My last stop in Colombia before an epic 17 hour bus trip to the Ecuador border was Salento – the coffee region of Colombia. The area is situated high up in the mountains and the cool temperatures are perfect for growing coffee. The mountainous landscape makes it a great place to hike too.
Getting to Salento is easy enough from Medellin. Travellers really have 2 options:
- Catch a bus from Medellin to Armenia, and once in Armenia, transfer onto another bus to Salento. Easy enough but potentially time consuming with the transfer. Cost wise, you’re looking at around the COP 40,000 mark all in.
- There is a little known direct bus from Medellin directly to Salento run by a company called Flota Occidental. The ticket costs COP45,000 and will get you there in about 6.5 hours. We opted for this route and it went smoothly, with the occasional regret when the bus driver thought he was Lewis Hamilton around the mountainous bends!
Salento is small! Like most little Colombian villages and towns, all the action is concentrated around the central Plaza. Hostel wise, they’re scattered everywhere. Hell, our first hostel was 2km’s down a dirt road outside town. Nice enough place but we did hear about a German tourist getting mugged on the road in broad daylight so be wary when booking far flung hostels.
The first thing to do was find ourselves a coffee tour and see what all the fuss is about. We chose a farm and tour called El Ocaso which comes highly recommended. The tour is exactly what you think it’ll be like – the history of coffee, the different kinds of beans, the harvesting and roasting process, and so on. I learnt a thing or 2 and certainly have more of an appreciation for the effort that goes into it. The tour finishes off with a cup of the farms home-brewed coffee, which was different to what I’m used to, but good nonetheless. A coffee tour is definitely something you need to do when in Salento.
The next big thing here is going for a hike in the Valle de Cocora – a protected mountainous area a 20 minute jeep (they’re called Willy’s here) ride from the town – the ride will set you back COP3,800 one way (try and stand on the back of the jeep – it’s more fun).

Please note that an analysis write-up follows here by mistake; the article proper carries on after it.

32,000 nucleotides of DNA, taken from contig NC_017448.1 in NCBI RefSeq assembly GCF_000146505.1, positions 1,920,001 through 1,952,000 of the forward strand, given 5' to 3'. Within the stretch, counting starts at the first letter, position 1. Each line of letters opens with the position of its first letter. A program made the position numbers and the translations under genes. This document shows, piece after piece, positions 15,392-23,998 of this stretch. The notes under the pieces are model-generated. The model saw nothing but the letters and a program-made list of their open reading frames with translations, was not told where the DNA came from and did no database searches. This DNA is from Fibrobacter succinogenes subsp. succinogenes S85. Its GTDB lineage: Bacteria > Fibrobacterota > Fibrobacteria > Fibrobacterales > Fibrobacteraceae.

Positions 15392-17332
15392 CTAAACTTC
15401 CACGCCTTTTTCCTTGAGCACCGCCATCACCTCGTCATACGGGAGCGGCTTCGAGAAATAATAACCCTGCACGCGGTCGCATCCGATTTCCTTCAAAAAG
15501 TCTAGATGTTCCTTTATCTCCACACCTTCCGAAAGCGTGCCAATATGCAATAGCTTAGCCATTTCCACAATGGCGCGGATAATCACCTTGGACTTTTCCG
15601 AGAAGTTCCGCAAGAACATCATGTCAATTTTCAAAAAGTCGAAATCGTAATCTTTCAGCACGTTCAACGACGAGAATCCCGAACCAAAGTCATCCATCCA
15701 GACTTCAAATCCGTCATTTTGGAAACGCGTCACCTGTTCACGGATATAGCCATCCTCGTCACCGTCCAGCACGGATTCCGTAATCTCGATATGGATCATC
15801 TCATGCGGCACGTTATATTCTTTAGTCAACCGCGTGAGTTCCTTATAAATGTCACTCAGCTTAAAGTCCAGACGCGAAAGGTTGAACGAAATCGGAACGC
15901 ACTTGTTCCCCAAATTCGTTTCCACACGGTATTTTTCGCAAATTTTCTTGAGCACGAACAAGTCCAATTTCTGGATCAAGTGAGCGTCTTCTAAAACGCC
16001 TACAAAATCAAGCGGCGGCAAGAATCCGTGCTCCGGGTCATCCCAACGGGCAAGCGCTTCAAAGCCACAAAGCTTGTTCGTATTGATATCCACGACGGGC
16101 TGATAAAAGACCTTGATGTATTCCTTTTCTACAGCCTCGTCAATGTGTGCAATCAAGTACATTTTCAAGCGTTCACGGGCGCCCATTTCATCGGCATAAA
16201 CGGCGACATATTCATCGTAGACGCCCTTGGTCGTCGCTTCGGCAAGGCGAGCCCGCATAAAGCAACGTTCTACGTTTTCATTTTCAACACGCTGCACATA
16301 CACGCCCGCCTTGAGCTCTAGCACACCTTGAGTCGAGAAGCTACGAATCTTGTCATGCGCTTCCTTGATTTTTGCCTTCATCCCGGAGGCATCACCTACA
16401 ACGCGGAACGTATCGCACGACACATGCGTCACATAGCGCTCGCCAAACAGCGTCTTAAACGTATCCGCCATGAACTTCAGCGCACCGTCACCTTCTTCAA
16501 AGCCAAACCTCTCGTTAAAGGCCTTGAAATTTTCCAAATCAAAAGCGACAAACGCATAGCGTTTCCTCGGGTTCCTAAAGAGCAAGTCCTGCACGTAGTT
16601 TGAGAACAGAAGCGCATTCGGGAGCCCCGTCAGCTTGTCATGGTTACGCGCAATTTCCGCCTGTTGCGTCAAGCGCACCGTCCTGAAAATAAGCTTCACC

When you arrive, you literally follow the path for 16 odd km’s (will take you 4 or 5 hours) through the valley – all very beautiful and dotted with Colombia’s national tree – the wax palm, they grows to ridiculous heights.
We didn’t follow the traditional route, however. We planned to but somehow (based on some potentially dodgy advice from a local woman) ended up going over the mountain instead of around it! It’s an uphill slog for an hour and a half but the views and relatively undisturbed scenery make it worthwhile.
The cherry on the cake for me is when the mist rolls in and creates an airy backdrop against these incredibly tall wax palms. It makes the landscape look slightly jurassic/alien.
It rains a lot here in the mountains so if you decide to hike, make sure you do it pretty early in the mornings otherwise you’re virtually guaranteed of getting soaked!
When you’re not hiking or having your fair share of coffee, Salento is a great town in which to relax and do nothing. There are many cheap spots for lunch and if you have a sweet tooth, this is the place you want to overindulge in. I found a place called Summer Cafe and smashed my way through the best coffee/snickers milkshake I’ve ever had.
If you’re looking for a hostel to stay in, I stayed in Hostel La Floresta and would recommend the place – cheap, clean and comfortable.
Colombia has been a great country and a little different to what I was expecting. I’m looking forward to the change that Ecuador will bring, especially the introduction of more mountains and volcanoes to explore.
Cheers for now.